Wednesday, October 23, 2019

Michael Hager’s Conversion Story

by Steve Ray on October 23, 2019

Here is a conversion story you will probably both enjoy. You can also visit Michael’s apologetics website at His whole conversion story is here.

The Beginning: I was born to, and raised in, a protestant family. My mother was a Southern Baptist, my father a Presbyterian. We mostly attended the Presbyterian Church, but I suspect that was because of the close proximity to our house more than anything.

As many mothers do to their children, mine forced me to attend our church youth group. I didn’t really kick and scream about it but I remember as many teenagers do, I didn’t want to go. Turns out it wasn’t so bad. There were a couple of people that I knew and I made new friends fairly quickly. And besides, there were girls there!

One evening as we gathered waiting for “Fellowship” night to start, one of the regular girls brought a visitor, a Catholic friend of hers. It was one of those moments with birds, spring, music, or maybe it was just teen male hormones but I remember meeting my future wife as clearly today as if it had happened last night.

God gifted me with artistic and musical talent. In High school, I was a rock and roll drummer and it’s one of the things that helped attract my future wife to me. When we graduated High School, I sold my drums, bought a twelve-string guitar and began to teach myself to play.

God set the seeds of music ministry in me when I got involved with a Baptist youth choir and band. I played drums, or guitar and sang. I became proficient enough that eventually, I played guitar and sang to my bride as she walked down the aisle at our wedding.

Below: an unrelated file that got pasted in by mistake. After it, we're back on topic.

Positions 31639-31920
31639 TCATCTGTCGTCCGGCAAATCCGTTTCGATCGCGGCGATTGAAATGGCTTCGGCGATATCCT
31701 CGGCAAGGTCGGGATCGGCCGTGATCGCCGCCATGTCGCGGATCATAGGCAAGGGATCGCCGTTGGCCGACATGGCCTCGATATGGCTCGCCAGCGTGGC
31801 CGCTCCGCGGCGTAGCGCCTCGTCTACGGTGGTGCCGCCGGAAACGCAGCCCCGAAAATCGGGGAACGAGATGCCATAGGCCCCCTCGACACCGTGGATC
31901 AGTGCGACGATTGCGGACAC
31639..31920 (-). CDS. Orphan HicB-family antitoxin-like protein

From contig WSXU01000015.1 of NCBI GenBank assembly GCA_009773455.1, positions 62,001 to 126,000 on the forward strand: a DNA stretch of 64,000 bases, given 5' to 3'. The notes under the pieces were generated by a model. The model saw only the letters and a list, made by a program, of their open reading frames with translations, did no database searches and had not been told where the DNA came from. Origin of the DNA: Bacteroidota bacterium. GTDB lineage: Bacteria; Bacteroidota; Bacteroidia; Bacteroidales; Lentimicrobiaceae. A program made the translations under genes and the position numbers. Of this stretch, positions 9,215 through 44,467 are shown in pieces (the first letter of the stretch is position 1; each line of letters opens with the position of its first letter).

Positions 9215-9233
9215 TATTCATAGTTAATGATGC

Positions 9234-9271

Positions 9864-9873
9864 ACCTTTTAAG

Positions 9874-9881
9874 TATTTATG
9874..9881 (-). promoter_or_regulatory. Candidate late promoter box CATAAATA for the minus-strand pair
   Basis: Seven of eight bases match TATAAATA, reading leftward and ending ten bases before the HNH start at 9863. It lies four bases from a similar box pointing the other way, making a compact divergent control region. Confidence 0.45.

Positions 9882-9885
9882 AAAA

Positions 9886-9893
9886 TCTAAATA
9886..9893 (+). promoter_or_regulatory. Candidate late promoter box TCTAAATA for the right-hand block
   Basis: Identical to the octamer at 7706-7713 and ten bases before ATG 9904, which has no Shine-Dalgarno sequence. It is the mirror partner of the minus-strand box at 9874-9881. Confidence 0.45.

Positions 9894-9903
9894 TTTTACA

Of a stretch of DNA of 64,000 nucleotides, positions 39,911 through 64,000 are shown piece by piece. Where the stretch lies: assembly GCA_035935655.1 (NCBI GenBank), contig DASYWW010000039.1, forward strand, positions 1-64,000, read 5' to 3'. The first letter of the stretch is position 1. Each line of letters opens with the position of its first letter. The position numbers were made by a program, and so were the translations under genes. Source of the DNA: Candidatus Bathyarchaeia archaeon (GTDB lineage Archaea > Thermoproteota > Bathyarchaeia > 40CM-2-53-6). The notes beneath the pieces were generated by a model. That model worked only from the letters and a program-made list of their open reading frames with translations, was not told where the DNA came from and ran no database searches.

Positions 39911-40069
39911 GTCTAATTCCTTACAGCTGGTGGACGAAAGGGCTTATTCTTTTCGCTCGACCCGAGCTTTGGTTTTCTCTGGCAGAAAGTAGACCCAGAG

We raised a family with a daughter between two boys and I confess that we did not do a good job of raising them in the church. We attended both Catholic and Presbyterian churches on weekends when it was convenient. I sat patiently through the mystical mumbo jumbo of the Catholic Mass only because I knew it was important to my wife, not because I understood a word of it. All of our children eventually accepted confirmation into the Catholic Church but they grew, went off to college, married and had kids of their own and all of them pretty much carried the lazy attitude about church-going that we had taught them. It’s not their fault, it is mine alone.

God gave me a gentle nudge in 1998. At least that’s the next time I listened to Him, although I didn’t realize it was Him yet. He sent me an offer of a new job in Florida. The closest church to our new home was a Catholic Church just a mile from our house. We began to attend regularly and I even joined the Choir and sang at two masses every Sunday. In the four years we lived there, the priest who we loved and befriended asked me only once if I had ever thought of converting, but when I told him of my misgivings of being unwelcome at communion, he failed to offer me a reasonable rebuttal and I continued along as usual, the only Non-Catholic in the group. (more on that below)

A correction in my training: I used to have a flaring temper problem. A seriously out of control temper that would flare up at anything that disturbed me to the point of embarrassment to my family. I will tell you now that God has His plan and He doesn’t work exclusively inside the Church. He hits you with anything that might get your attention and during a Franklin Planner training session (required by my new employer), the instructor, of no particular relation to the lesson plan said: “The only person in the world who can make you angry or upset is yourself.” I won’t preach on that idea, I’ll let you mull it over for yourself, but it washed over me like a warm ocean wave and I have seriously never been out of control angry at anyone since that day. God knew I needed that to prepare myself for accepting the peace and love of His teaching. He knew that I could not preach His word with that anger built up inside of me. I needed the peace of Christ, but first I needed the peace in my soul to accept His peace.

For the whole story, click here.

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